A recent study reveals that 27% of UK smokers (1.9 million) say they would like to quit for mental health reasons, compared to just 16% quitting over Covid-19 concerns.
The research highlights the links between smoking and mental health condition and lays bare the impact that the habit can have on smokers’ emotional wellbeing.
66% of the 7.2 million who currently smoke in England said that they believe cigarettes have a negative impact on their mental health, while 11% said they smoke to relieve mental health problems.
The Quitting Smoking for Mental Health study asked over 1,000 current and ex-smokers across the UK was conducted by smoking cessation advocates Vape Club ahead of World Mental Health Day tomorrow (Saturday, 10th October) and the beginning of Stoptober 2020.
Data from Public Health England shows that average smoking prevalence for adults with mental health conditions is 27%, compared with 14% of the general population.
Asking ex-smokers the reason why they quit, 13% said they had stopped for their mental health, ranking higher than for family reasons or for the birth of a child.
Almost half of ex-smokers (44%) said they have noticed an uplift in their mental health since quitting, with 39% noticing a positive improvement in the first four weeks after quitting.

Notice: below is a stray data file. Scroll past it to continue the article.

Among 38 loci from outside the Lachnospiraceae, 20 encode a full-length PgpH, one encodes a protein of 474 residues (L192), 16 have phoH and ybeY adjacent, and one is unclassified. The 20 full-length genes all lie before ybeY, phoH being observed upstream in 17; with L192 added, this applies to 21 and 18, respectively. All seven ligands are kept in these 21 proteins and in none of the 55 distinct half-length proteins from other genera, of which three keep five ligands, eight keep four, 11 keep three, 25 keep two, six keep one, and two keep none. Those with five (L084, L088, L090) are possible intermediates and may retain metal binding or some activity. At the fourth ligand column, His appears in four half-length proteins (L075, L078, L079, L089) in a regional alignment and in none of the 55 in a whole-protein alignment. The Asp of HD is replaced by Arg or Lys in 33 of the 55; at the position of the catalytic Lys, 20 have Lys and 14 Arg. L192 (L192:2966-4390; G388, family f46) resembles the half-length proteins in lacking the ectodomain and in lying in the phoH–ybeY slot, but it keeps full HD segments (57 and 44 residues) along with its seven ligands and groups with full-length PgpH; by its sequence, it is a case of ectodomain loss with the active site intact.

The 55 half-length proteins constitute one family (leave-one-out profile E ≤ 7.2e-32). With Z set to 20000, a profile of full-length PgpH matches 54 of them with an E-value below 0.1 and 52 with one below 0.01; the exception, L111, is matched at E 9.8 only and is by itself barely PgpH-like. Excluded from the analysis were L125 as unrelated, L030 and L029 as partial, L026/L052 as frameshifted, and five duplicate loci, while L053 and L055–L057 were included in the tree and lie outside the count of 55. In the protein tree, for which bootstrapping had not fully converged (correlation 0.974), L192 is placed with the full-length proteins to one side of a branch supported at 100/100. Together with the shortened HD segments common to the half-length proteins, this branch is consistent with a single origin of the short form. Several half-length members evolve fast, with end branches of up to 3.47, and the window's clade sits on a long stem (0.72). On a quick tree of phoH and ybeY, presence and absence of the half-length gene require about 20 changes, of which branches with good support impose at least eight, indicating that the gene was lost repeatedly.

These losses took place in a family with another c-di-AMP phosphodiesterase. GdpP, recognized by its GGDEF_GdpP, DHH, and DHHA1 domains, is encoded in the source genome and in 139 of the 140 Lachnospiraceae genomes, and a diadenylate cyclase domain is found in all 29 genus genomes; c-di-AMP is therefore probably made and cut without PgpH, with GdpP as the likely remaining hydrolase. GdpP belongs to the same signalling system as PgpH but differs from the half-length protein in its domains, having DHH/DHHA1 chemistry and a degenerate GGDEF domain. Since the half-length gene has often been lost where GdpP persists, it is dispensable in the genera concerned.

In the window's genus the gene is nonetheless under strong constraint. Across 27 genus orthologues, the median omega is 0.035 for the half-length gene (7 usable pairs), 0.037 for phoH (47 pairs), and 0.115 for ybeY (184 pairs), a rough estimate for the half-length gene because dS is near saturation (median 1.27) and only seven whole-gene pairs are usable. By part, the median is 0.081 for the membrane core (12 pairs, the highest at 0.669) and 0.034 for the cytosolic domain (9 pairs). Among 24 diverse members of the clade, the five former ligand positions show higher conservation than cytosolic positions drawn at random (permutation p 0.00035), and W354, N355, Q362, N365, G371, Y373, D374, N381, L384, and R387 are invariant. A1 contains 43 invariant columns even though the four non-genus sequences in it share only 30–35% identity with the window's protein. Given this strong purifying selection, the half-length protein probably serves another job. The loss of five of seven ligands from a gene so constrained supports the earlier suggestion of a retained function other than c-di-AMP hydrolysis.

Dan Marchant, director at Vape Club and founding member of the UK Vaping Industry Association, says: “People’s awareness of the link between smoking and poor mental health is clearly on the rise. There’s long been a focus on the physical effects of smoking, but it’s encouraging to see that the serious emotional effects – as well as the additional strain that smoking puts on the NHS mental health services – are being acknowledged too.
“The overall picture of smoking in England is moving in the right direction, but the statistics on smoking prevalence remain worrying, and far more can be done to educate people on cessation tools like vaping that can make a huge difference”.
Ex-smokers surveyed gave the below responses when asked what would have made quitting easier, and it’s clear to see that bans are an effective measure.
These continue to be rolled out, with hospitals recently banning smoking on all premises and proposals to ban smoking areas at pubs, with fines for dropping cigarette butts are shown to be the least effective way.
“Smoking rates for those that suffer with depression are twice as high as those who do not suffer with depression.” says Holly Beedon, the Clinical Lead at Living Well UK. “For those with schizophrenia they are three times more likely to smoke heavily.
“For many people, smoking is a stress relief and you will often hear people say that a cigarette helps them to relax. In actual fact, it increases anxiety and tension.”
“Smoking pushes the brain to switch off its own method for making dopamine. In the long term, the dopamine supply reduces, which in turn encourages people to smoke more. People with depression in particular have difficulty when trying to stop smoking and it is found that the withdrawal symptoms are more severe while trying to give up.”
“At the moment support through the GP or pharmacy is most common, although many mental health charities have made their grounds smoke free. As there is now a growing amount of research, some mental health charities are starting to offer a smoking cessation service.”